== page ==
Commit a83a66a is quite clear about that:
$GIT_DIR/config to be per-worktree, at least for the
Here I think we have two options:
- either update
config.c to also read
$GIT_DIR/config.worktree (which is per worktree) in addition to
$GIT_DIR/config (shared) and store worktree-specific vars in the new
- or update
git-submodule.sh to read/write
$GIT_DIR/config.submodule (per worktree).
These take time to address properly. Meanwhile, make a note to the
user that they should not use multiple worktrees in submodule context.
More generally, where to put those submodules?
There are a couple options:
- You may want to keep
$SUB repos elsewhere (perhaps in a central
$SUPER. This is also true for nested submodules
where a superproject may be a submodule of another superproject.
- You may want to keep all
$SUB repos in
$SUPER/modules (or some
other place in
- We could even push it further and merge all
$SUB repos into
instead of storing them separately. But that would at least require
ref namespace enabled.
This commit was an answer to commit df56607.
From a git user point of view, that means a
git submodule update --init --recursive does not know exactly where to checkout the submodules.
Are they duplicated across all worktrees, or are they centralized somewhere? This isn't formally specified yet.
A year later (and with git 2.9), clacke adds in the comments
the confusion has been resolved, but not in an optimal manner.
Submodules work fine now as far as I can see, but each worktree has its own set of submodule repos (under
motherrepo.git/worktree/<worktreename>/modules/<submodule>), so if you have a submodule that's big, you are facing some serious disk usage.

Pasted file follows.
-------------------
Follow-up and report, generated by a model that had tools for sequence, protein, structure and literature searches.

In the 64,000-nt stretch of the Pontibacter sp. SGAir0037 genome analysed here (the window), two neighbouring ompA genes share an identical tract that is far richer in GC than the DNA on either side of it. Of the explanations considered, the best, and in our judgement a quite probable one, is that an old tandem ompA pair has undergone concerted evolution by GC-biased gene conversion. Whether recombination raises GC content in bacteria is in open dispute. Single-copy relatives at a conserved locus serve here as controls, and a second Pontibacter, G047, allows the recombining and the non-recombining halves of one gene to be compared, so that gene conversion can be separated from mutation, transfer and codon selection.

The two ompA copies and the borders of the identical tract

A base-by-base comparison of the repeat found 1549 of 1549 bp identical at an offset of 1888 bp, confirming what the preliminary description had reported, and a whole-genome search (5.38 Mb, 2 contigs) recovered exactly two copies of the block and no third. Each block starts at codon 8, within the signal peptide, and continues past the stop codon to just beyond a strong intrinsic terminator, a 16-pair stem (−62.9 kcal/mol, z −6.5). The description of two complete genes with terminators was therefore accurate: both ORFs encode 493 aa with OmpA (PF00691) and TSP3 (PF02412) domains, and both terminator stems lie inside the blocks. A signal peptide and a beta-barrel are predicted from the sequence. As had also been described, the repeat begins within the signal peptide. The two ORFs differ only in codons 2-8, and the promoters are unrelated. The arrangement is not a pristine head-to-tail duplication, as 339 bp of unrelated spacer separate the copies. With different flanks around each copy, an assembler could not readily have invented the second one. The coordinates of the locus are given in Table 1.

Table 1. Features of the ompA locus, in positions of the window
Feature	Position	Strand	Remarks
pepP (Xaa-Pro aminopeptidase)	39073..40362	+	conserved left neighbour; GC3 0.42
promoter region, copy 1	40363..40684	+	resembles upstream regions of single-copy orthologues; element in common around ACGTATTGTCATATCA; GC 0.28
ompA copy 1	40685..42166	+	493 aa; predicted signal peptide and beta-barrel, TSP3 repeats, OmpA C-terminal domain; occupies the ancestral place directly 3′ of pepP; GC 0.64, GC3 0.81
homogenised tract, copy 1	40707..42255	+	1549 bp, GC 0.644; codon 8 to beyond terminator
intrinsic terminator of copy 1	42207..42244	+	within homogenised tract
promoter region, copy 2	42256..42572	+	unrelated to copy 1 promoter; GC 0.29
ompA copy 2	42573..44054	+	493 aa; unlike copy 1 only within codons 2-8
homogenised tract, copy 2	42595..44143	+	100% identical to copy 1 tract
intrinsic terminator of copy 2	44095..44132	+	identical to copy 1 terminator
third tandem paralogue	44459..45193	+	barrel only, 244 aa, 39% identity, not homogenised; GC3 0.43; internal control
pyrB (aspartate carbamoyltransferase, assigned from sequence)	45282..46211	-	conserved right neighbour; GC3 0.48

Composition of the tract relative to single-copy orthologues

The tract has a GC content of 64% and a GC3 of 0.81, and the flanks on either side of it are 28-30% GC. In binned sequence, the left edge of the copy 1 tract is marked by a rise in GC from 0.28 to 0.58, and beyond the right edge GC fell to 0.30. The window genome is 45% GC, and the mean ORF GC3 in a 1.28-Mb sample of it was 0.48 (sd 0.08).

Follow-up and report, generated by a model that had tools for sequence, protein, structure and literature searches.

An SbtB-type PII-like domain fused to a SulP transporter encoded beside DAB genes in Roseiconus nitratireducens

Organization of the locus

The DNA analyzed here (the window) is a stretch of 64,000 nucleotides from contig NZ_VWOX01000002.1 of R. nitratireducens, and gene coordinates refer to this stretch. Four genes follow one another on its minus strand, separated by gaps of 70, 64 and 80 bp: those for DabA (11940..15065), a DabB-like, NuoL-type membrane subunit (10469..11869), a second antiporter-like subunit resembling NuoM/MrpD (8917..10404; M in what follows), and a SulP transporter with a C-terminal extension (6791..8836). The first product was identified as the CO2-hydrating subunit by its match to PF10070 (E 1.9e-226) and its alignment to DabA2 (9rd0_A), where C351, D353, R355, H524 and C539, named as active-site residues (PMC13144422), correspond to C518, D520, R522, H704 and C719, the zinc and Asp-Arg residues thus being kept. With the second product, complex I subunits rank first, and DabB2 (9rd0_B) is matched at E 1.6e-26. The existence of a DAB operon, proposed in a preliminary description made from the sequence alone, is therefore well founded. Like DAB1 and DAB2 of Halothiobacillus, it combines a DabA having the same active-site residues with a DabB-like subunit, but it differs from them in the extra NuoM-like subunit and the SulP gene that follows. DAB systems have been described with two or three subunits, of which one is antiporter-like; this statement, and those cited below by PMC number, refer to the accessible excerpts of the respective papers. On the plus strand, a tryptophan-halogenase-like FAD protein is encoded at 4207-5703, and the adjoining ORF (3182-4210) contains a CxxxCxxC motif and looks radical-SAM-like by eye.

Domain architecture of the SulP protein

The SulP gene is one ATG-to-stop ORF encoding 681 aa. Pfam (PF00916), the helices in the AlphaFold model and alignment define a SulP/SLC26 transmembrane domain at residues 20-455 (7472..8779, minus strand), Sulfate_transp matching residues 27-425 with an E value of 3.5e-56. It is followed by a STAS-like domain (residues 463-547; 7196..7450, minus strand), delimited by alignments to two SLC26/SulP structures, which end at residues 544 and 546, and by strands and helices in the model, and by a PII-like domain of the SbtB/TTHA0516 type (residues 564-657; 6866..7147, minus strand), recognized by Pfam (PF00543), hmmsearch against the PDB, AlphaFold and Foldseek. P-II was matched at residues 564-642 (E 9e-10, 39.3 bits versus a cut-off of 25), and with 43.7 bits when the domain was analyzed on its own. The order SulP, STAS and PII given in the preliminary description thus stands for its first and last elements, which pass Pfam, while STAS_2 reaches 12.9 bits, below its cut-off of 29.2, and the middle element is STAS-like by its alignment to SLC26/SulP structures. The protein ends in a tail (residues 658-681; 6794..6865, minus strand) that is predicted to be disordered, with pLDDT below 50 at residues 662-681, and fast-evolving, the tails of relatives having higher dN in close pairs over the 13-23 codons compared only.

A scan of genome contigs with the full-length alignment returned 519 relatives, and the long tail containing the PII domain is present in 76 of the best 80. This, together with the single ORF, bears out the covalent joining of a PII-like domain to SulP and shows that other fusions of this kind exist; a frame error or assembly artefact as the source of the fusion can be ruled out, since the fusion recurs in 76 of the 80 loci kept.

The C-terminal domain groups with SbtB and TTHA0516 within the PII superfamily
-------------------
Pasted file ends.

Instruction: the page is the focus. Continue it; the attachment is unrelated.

Git aliases to handle submodules in subtrees:
git wtas expects that
git wta is defined globally, or at least for all the repos involved. No warranty included. Your favorite pet may catch a painful infection if your path names have spaces in them.
It expects a structure in your repo like the one in a non-bare repo with submodules initiated, so if you have a bare repo, you'll have to mimic that setup. A submodule with the name (not path)
foo goes in
.../foo.git). It will not crash if some module is not present in the repo, it just skips it.
There is room for improvement. It does not handle submodules within submodules, it only goes one level down. It may work to just change the submodule
git wta call to a
git wtas call, but I haven't verified this yet.
git worktree move (with Git 2.17+, Q2 2018).
Actually, before Git 2.21 (Q1 2019), "
git worktree remove" and "
git worktree move" refused to work when there is a submodule involved.
This has been loosened to ignore uninitialized submodules.
See commit 00a6d4d (05 Jan 2019) by Nguyễn Thái Ngọc Duy (
(Merged by Junio C Hamano --
gitster -- in commit 726f89c, 18 Jan 2019)
worktree: allow to (re)move worktrees with uninitialized submodules
Uninitialized submodules have nothing valuable for us to be worried about. They are just SHA-1.
worktree remove" and "
worktree move" continue in this case so that people can still use multiple worktrees on repos with optional submodules that are never populated, like
git.git when checked out by
Note that for "
worktree remove", it is possible that a user initializes a submodule (
*), makes some commits (but not push), then deinitializes it.
At that point, the submodule is unpopulated, but the precious new commits are still in:
directory and we should not allow removing the worktree or we lose those commits forever.
The new directory check is added to prevent this.
*) yes they are screwed anyway by doing this since "
$GIT_COMMON_DIR/config, which is shared across multiple worktrees.
But it does not mean we let them be screwed even more.